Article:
Postby Boatman Bodhisattva on Mon Aug 14, 2017 10:19 pm

[james] wrote:Please clarify re. the westernized Zen assertion

Based on several dictionary definitions, the transcendent refers to that which is beyond ordinary experience and scientific explanation. In Buddhism, the transcendent would be independent and separate from the psychophysical body…

The transcendent is almost always ignored by the most popular and modern forms of Buddhism especially secular Buddhism which views the transcendent as having indirect reference to deity or a religious absolute…

One can only defend such a position by ignoring most of what the Buddha taught with regard to the transcendent, for example, that nirvana is eternally beyond the pale of causes and conditions (Pande, Origins of Buddhism, 451). Or nirvana is understood to be also eternal, changeless, immortal, transphenomenal, beyond thought, etc. (Pande, Origins of Buddhism, 473–74).

What the modern Buddhist is left with, sans the transcendent, is really nothing in the way of true Buddhism…

Such Buddhism is sham Buddhism taught by teachers who need to actually read what the Buddha taught; not making assumptions. The big loser in all of this is the beginner who is learning the wrong stuff that, sooner or later, will have to be dropped if he or she wishes to realize the right stuff.

Failure to see and to teach the transcendent underscores Western culture’s current love affair with materialism. Materialism also serves to ground Western culture in evil in which there is a decisive loss of the individual’s sense of spirit which opens to the transcendent.
http://zennist.typepad.com/zenfiles/201 ... o-i-m.html


[james] wrote:Your citation makes no reference to a reality after death.

“… There is, monks, an unborn, unbecome, unmade, unconditioned. If, monks, there were no unborn, unbecome, unmade, unconditioned, no escape would be discerned from what is born, become, made, conditioned. But because there is an unborn, unbecome, unmade, unconditioned, therefore an escape is discerned from what is born, become, made, conditioned.” (Ud 8:3;80-81) [Note that the Buddha never taught Nibanna to be nothingness, for if it were so, he would simply define it as so. Instead, he defines Nibbana in an elaborate manner, to emphasise that it transcends the limitations of mind and matter.]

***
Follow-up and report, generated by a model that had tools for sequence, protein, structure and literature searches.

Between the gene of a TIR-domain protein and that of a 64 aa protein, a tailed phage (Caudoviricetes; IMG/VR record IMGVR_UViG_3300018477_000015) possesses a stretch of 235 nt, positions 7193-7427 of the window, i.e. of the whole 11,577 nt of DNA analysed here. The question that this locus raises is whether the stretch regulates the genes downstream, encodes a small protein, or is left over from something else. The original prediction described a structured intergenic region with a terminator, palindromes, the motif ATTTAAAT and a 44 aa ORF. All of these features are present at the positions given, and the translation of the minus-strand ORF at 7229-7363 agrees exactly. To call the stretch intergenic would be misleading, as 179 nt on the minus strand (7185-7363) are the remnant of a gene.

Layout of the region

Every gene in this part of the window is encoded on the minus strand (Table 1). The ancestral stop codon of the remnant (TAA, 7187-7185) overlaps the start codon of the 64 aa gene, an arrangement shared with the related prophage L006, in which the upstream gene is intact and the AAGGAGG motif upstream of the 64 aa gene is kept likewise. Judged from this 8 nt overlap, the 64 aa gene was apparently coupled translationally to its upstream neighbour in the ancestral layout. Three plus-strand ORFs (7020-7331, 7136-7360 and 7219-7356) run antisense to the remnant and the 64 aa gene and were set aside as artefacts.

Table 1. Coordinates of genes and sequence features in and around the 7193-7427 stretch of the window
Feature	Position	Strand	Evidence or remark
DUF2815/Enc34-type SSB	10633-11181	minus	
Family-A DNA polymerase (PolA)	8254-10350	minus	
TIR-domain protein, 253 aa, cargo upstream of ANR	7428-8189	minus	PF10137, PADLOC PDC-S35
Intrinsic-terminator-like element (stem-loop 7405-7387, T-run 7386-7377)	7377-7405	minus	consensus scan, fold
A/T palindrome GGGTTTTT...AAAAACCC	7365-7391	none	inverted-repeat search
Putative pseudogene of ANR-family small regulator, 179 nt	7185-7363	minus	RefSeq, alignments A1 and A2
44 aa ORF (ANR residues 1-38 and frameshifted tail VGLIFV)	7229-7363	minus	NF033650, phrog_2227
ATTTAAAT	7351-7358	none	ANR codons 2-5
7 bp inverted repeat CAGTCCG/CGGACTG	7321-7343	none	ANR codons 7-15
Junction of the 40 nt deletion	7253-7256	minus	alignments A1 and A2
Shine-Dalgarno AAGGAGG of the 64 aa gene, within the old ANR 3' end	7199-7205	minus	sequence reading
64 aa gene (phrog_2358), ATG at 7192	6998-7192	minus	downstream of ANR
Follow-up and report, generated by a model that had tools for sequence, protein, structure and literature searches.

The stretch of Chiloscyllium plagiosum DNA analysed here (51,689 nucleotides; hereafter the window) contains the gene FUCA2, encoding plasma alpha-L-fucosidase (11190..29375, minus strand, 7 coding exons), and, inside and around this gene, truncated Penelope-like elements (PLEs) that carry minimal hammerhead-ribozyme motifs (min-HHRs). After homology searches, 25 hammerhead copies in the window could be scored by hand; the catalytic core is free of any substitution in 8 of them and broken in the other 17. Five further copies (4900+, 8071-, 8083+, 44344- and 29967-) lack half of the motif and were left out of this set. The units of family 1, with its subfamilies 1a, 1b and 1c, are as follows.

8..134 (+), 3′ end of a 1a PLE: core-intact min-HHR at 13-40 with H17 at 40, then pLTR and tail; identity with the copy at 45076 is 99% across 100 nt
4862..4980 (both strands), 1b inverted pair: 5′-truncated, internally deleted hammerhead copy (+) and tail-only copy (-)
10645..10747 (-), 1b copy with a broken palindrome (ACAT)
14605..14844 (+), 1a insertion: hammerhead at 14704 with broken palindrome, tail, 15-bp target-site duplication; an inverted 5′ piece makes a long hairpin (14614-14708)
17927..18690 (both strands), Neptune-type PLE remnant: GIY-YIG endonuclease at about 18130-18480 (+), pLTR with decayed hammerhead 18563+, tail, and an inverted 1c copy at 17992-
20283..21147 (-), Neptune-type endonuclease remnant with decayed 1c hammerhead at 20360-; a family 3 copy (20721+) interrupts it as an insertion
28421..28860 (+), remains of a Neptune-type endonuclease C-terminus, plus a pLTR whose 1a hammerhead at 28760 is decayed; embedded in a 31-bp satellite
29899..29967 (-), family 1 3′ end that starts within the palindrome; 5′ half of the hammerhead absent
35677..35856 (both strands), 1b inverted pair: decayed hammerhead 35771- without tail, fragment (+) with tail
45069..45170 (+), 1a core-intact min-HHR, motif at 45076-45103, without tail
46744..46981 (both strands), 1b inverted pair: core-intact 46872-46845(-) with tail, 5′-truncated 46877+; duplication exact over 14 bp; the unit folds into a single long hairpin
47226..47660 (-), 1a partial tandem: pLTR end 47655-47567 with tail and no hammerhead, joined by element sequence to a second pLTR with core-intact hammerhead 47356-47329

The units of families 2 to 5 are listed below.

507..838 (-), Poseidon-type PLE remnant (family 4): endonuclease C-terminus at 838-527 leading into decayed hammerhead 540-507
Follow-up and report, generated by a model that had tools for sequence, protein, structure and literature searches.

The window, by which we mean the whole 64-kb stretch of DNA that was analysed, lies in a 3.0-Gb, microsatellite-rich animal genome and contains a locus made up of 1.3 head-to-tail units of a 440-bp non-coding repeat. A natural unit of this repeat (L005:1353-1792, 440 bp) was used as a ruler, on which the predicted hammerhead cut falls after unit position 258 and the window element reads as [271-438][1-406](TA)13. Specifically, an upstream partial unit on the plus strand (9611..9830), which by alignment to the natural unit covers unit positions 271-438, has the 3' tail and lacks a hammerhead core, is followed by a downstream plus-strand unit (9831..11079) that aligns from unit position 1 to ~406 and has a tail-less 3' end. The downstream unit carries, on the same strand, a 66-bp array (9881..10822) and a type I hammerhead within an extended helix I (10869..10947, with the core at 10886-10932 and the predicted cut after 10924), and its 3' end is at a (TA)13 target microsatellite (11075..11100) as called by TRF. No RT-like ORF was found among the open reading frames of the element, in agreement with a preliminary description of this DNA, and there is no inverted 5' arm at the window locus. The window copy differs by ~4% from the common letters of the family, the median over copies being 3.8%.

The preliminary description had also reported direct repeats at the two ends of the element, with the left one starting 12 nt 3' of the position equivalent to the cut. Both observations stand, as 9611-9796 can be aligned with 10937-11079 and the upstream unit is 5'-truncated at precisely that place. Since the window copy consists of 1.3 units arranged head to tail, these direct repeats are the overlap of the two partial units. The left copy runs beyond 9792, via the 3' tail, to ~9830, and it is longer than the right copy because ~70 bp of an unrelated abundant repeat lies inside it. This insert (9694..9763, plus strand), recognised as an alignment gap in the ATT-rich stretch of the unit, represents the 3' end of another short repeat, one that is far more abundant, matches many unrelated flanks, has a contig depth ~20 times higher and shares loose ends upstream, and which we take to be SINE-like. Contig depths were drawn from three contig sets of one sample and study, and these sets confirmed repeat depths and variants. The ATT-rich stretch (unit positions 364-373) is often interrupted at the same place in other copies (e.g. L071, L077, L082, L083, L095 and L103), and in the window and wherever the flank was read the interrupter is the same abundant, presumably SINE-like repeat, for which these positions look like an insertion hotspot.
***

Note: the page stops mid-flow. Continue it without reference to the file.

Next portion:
http://thedailyenlightenment.com/2011/0 ... nd-matter/


Nothing wrote:The use of the word escape is not the most fortunate translation. Unborn, ungrown, unconditioned are just expedients, they are not the truth, so if one wants to escape from the born, grown and conditioned his/her practice is flawed from the start.

One of the most basic elements of the Buddha's teachings is the transcendent nature of Nirvana, transcending birth and death. I am not going to, on a Buddhist forum of all places, justify the Buddha's teachings.
I mean no disrespect to forum members on my ignore list. Gassho. __/\__

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Re: Afterlife

Postby Caodemarte on Tue Aug 15, 2017 12:33 am

Be advised that many people will just dismiss an argument or explanation that cities sources such as the well known [i]Zennist[i]. This is especially true when both the citation and the "citer" fail to define terms. What is this Westernized Zen refered to? Who specifically says what and what are your criticisms? What makes that "Westernized?" Why is this "Westernized" Zen bad or wrong or inauthentic compared to what? If these questions were answered it would make a more productive discussion possible.

Similarly, raising one's idiosyncratic interpretations of Buddhist thought and refusing to explain or defend them because that would be "defense of what the Buddha taught" is not helpful. Why invite discussion by posting on a forum for discussion if you are unwilling to engage in meaningful discussion?